IN A NUTSHELL
Osteocytic PTHrP: a local regulator of bone mass and strength
Osteocytes are the most abundant cell type in the skeleton, comprising 90-95% of all bone cells, a total of approximately 42 billion in the adult human skeleton. For many years, they were considered as inactive bone cells captured in the bone matrix, but we now know they have a central role in mechanosensation and control of bone mass and strength through the release of factors that act on nearby osteocytes and surface osteoblasts. Targeting these factors has become a novel therapeutic strategy for treatment of osteoporosis and related disorders.
Parathyroid hormone-related protein (PTHrP) acts through the same receptor as parathyroid hormone (PTH) due to structural similarities in its N-terminal domain. However, unlike PTH, it is produced and acts locally in many tissues, including bone, and contains multiple functional domains capable of signalling through receptor-independent actions. Mice with conditional deletion of PTHrP (gene: Pthlh) in the osteoblast lineage, Col1(2.3kb)Cre.Pthlhf/f mice showed an osteopenic phenotype, and low bone formation levels by the age of 6 weeks, suggesting a paracrine role for osteoblast lineage-derived PTHrP in promoting bone formation during growth. Since PTHrP is also expressed in osteocytes, we sought to determine the role of osteocytic PTHrP in bone.
In our study published in the Journal of Bone and Mineral Research, we identified the nature of osteocyte-secreted PTHrP. Our results showed that Ocy454 osteocytic cells release full length PTHrP, but not shorter N-terminal peptides capable of acting on the parathyroid hormone 1 receptor (PTHR1). This is the first time that PTHrP peptide secretion from osteoblast lineage cells has been described in detail, which is highly important because N-terminal PTHrP fragments are often studied and presented as the physiologically active form.
To study the role of osteocytic PTHrP, we used shRNA knockdown in the Ocy454 osteocyte cell line. Knockdown of Pthlh increased osteocyte markers and reduced osteoblast markers in Ocy454 cells. Undifferentiated Pthlh knockdown cells also had lower levels of cAMP compared to vector control cells. These results showed that PTHrP acts as an autocrine/paracrine factor in osteocytes to regulate osteoblast differentiation and mineralisation.
Next, we generated 10kb-Dmp1Cre.Pthlhf/f mice, which had conditional deletion of PTHrP in osteocytes. We demonstrated that Dmp1Cre.Pthlhf/f mice showed no significant differences in cortical or trabecular bone structure compared to Dmp1Cre.Pthlhw/w littermates at 6 weeks of age, indicating that unlike osteoblastic PTHrP, osteocytic PTHrP is not essential for skeletal development in growing mice. However at 12 weeks of age (the peak of trabecular bone mass in adult mice), trabecular bone mass was lower in male and female Dmp1Cre.Pthlhf/f mice compared to controls. This was associated with lower bone formation levels, yet no difference in bone resorption, compared to controls. Although there was no significant alteration in cortical dimensions, Dmp1Cre.Pthlhf/f femora had significantly lower fracture tolerance, compared to controls.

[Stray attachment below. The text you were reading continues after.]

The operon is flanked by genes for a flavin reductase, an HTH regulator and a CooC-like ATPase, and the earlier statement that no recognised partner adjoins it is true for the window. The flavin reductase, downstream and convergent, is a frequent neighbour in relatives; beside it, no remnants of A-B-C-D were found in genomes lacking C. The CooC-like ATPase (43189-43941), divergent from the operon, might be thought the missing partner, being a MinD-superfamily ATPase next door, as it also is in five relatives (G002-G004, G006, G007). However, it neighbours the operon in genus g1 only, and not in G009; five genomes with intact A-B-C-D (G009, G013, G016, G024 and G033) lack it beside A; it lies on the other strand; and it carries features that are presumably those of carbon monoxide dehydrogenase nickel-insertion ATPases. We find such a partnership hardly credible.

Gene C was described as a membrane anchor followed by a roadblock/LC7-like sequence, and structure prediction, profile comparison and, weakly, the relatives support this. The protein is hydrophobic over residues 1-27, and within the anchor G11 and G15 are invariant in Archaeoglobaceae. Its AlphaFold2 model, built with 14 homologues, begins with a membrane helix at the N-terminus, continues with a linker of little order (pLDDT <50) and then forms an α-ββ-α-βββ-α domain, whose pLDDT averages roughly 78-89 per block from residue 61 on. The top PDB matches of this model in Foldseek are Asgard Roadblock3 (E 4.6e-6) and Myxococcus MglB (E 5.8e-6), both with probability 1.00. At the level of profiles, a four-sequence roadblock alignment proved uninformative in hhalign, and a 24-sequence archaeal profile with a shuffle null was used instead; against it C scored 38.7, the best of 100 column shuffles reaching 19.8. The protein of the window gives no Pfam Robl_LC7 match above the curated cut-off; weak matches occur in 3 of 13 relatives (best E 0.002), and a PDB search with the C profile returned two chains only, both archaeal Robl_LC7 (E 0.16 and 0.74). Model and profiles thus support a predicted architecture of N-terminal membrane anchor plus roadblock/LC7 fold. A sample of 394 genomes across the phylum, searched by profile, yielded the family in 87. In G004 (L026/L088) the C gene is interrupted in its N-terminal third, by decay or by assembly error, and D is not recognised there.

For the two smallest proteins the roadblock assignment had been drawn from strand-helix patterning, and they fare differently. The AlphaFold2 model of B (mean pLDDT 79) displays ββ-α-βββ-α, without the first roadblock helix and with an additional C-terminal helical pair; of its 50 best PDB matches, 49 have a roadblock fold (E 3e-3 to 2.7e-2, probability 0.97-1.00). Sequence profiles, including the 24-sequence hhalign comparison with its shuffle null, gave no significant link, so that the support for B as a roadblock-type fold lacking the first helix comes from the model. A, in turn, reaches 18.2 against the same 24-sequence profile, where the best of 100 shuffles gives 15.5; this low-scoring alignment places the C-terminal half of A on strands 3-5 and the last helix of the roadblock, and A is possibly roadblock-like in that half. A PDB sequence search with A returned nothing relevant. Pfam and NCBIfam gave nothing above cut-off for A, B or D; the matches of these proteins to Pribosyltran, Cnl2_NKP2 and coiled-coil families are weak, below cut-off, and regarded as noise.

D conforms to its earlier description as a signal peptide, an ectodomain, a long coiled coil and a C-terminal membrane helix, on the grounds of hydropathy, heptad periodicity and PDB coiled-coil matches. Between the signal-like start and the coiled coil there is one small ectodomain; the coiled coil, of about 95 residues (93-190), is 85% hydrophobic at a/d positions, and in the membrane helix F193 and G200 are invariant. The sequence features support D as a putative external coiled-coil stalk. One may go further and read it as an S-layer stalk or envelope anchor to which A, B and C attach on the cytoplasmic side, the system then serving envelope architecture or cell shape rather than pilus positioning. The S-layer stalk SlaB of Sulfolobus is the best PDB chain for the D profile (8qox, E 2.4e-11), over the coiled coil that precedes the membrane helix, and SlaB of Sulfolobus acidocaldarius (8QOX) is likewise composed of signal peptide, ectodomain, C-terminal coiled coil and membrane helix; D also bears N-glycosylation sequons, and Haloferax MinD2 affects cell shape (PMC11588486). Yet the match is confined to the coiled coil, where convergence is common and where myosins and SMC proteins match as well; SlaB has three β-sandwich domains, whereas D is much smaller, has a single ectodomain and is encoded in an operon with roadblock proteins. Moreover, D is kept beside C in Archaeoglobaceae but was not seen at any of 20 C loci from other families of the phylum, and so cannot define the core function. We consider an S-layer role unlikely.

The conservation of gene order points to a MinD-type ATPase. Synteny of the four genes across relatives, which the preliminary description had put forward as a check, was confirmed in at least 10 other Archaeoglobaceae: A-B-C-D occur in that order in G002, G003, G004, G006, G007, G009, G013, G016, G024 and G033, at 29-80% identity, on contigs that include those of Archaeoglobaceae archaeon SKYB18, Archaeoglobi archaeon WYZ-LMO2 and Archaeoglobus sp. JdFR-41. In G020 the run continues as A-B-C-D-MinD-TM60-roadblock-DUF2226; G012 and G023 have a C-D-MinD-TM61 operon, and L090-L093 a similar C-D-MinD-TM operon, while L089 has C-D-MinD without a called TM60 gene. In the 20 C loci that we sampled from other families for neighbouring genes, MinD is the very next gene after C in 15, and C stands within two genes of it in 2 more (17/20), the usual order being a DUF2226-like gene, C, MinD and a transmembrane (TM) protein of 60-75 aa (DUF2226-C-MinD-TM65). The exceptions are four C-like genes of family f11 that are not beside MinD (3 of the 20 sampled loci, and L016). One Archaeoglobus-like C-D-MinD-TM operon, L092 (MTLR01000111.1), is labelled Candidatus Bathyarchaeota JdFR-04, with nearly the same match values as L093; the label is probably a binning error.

The phenotype that we observed of lower trabecular bone mass in Dmp1Cre.Pthlhf/f mice contrasted with the reported phenotype of mice with deletion of PTHR1 in osteocytes, one of high trabecular bone mass. This suggests that, in addition to PTHR1-mediated activities of PTHrP, some osteocyte-derived PTHrP actions may be independent of PTHR1, likely due to the release of full-length PTHrP (which contains other signalling domains) by osteocytes.
We conclude that osteocytes release full length PTHrP, and this acts in an autocrine/paracrine manner to maintain normal gene expression by osteocytes. Endogenous osteocytic PTHrP also maintains trabecular bone mass and strength in adults by promoting bone formation and mineralisation, similar to anabolic functions of pharmacological PTH. Understanding whether patients with skeletal fragility have altered osteocytic control of bone mineral might lead to development of a new class of drugs that could target bone material quality to reduce fracture risk. PTHrP, or the pathways that it influences in osteocytes might be useful candidates to consider for this aim.
These findings are described in the article entitled “Autocrine and Paracrine Regulation of the Murine Skeleton by Osteocyte-Derived Parathyroid Hormone-Related Protein” published in the Journal of Bone and Mineral Research. This work was conducted by Niloufar Ansari, Patricia WM Ho, Blessing Crimeen-Irwin, Ingrid J Poulton, Jonathan H Gooi, T John Martin, and Natalie A Sims from St Vincent’s Institute of Medical Research and The University of Melbourne, in collaboration with Athena R Brunt, and Mark R Forwood from Griffith University and Paola Divieti Pajevic from Boston University. This research was partially supported by the National Health and Medical Research Council and the Victorian Government’s Operational Infrastructure Support Programme.
Niloufar Ansari, PhD.
Monash Institute of Pharmaceutical Sciences, Monash University, Australia